Additional costs

The report also charts the extent to which additional costs are charged to parents. While the majority of local authorities are unclear about the extent to which providers in their area make additional charges, a third of those who are clear said that all or almost all providers have additional charges for three- and four-year-olds claiming both the 30 hour and 15 hour entitlements. 91% said half or more providers make additional charges.

In addition it covers school-age childcare and finds the average price of an after school club for a week is £69.14 across Great Britain, or £2,697 a year during term time (39 weeks). The average price of a
childminder to 6pm for a week is £75.87 across Great Britain, or £2,959 a year during term time.

Recommendations

Ellen Broomé, Managing Director of Coram Family and Childcare, said: Our findings – with higher costs and dramatic drops in availability of childcare places – are concerning at this crucial time, showing the scale of challenge and the very real risks around [the expansion] policy not living up to parents’ expectations. Unless this policy is properly funded and supported, it could have the opposite effect, with families unable to access or afford the childcare they need and the most disadvantaged children set to miss out.”

She called on the Government to work closely with local authorities and childcare providers to make sure they are supported to deliver for families. And she said that all political parties need to commit to childcare reform.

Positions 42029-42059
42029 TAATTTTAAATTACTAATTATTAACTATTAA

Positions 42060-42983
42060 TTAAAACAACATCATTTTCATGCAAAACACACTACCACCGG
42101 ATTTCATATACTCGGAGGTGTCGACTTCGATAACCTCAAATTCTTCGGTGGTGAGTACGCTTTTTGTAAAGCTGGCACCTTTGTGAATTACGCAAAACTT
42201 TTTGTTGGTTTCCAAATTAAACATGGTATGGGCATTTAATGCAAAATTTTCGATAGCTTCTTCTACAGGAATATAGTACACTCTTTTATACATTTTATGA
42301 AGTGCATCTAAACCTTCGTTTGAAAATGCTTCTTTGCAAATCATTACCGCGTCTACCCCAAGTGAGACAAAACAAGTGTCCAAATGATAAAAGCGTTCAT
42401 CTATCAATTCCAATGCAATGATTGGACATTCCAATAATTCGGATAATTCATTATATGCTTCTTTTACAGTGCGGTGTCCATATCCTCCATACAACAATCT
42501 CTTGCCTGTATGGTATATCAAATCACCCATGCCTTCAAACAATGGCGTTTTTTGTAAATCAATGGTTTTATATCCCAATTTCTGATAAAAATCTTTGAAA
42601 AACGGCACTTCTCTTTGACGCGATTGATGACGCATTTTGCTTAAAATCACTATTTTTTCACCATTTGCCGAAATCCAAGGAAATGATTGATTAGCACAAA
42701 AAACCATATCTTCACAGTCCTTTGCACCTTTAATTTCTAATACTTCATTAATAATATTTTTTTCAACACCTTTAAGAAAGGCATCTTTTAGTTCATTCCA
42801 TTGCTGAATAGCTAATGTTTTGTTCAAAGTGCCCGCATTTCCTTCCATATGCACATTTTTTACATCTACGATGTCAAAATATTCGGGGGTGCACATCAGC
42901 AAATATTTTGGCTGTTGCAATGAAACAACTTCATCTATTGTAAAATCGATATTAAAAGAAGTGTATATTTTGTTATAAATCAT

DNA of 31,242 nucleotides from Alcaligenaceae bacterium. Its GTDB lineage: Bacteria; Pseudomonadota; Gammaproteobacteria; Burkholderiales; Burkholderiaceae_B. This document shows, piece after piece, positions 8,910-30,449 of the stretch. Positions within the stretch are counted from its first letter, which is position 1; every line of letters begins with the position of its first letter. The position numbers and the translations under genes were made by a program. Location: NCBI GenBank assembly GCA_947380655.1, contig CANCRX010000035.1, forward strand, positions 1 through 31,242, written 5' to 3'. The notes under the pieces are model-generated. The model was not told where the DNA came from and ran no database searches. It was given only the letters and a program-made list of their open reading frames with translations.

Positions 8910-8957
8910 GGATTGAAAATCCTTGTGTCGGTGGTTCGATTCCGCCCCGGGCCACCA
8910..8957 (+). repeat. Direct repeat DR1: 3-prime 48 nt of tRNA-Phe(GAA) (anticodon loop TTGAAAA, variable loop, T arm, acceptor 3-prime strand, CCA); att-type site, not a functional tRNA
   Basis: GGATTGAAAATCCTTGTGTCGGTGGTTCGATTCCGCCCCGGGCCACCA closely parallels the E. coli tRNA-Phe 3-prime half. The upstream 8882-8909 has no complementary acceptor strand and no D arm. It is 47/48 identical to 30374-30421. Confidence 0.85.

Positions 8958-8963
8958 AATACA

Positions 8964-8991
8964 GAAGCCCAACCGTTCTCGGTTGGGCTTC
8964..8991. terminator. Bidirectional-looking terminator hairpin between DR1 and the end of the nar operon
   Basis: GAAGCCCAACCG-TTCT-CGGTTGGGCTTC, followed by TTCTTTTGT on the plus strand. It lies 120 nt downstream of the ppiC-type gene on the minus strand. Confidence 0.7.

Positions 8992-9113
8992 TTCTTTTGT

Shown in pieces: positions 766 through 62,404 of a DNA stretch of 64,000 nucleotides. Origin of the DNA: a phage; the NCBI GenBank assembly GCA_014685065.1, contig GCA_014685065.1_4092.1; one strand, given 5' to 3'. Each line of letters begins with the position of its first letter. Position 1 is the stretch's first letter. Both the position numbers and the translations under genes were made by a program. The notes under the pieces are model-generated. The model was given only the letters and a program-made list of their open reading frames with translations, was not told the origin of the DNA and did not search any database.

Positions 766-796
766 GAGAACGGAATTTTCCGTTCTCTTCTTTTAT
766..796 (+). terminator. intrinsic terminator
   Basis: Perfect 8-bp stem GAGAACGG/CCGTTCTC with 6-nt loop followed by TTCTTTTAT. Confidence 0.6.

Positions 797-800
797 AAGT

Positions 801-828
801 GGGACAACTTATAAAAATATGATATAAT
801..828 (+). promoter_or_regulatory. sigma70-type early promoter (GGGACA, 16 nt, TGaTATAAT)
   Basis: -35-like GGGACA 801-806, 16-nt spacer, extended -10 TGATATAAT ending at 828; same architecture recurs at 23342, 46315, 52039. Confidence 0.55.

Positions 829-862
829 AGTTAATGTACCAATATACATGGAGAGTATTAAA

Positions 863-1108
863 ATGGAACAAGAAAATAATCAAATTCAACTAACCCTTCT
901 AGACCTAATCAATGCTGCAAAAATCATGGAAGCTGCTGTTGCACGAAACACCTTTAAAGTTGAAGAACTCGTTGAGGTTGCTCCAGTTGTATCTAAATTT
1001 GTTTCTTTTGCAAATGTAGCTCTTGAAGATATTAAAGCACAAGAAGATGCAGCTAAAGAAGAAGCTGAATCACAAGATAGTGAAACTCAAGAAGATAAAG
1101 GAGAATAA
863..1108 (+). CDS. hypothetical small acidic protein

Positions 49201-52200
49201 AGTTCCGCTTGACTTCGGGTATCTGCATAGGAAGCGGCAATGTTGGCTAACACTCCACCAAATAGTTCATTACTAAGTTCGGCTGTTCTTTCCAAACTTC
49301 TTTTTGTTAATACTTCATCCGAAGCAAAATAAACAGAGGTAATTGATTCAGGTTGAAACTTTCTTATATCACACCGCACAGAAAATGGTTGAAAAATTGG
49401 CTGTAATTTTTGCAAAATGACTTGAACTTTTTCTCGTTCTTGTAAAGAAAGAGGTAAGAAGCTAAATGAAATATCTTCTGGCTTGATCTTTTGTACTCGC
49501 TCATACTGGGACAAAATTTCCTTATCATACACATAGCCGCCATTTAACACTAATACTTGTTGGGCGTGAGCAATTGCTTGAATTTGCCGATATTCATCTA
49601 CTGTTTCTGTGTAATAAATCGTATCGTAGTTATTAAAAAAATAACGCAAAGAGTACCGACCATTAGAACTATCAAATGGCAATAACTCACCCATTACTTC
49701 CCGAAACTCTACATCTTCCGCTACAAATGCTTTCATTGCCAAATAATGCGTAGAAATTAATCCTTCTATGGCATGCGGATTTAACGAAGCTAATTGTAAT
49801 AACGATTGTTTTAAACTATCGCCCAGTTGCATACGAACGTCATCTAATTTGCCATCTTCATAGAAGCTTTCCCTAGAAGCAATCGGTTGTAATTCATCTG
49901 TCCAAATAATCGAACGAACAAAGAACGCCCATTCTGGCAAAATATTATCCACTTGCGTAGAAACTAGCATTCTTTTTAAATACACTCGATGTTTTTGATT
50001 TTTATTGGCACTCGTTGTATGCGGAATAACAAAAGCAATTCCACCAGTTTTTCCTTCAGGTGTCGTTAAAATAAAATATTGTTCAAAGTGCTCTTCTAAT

The report’s short-term recommendations include the re-allocation of the underspend from Tax-Free Childcare to other parts of the childcare system, extending the current 30 hours funded early education entitlements to parents in training or education, and migrant parents, increasing funding for children with SEND and simplifying the funding application process to ensure those with the greatest need are not excluded from vital early education opportunities and the appointment of a dedicated Chief Early Years Officer who can advocate for the profession at the heart of Government. Longer term goals include the creation of an early years workforce strategy, a funding settlement that guarantees the true cost of provision, streamlining the childcare offer to families and the introduction of a right to early education.

Reaction

Providers reacted with dismay to the figures in the report. Neil Leitch, CEO of the Early Years Alliance, said: With just a fortnight to go until the roll-out of the extended entitlement offer, this report raises serious questions about whether the expansion is even close to being workable in practice over the long term…To say time is running out is an understatement. It is absolutely critical that government wakes up to the reality of the situation and takes the urgent action needed to support early years providers – namely, adequate funding and a clear workforce strategy that focuses on retention as well as recruitment. Ministers chose to make a big promise to families; it’s up to them to ensure the sector is able to deliver on it.”

The National Day Nurseries Association echoed the fears, saying: “The Budget was an opportunity to provide immediate support to the sector but the much needed additional funding will not arrive until 2025. This worrying report shows that families, providers and councils are facing immediate challenges ahead of April’s expansion.”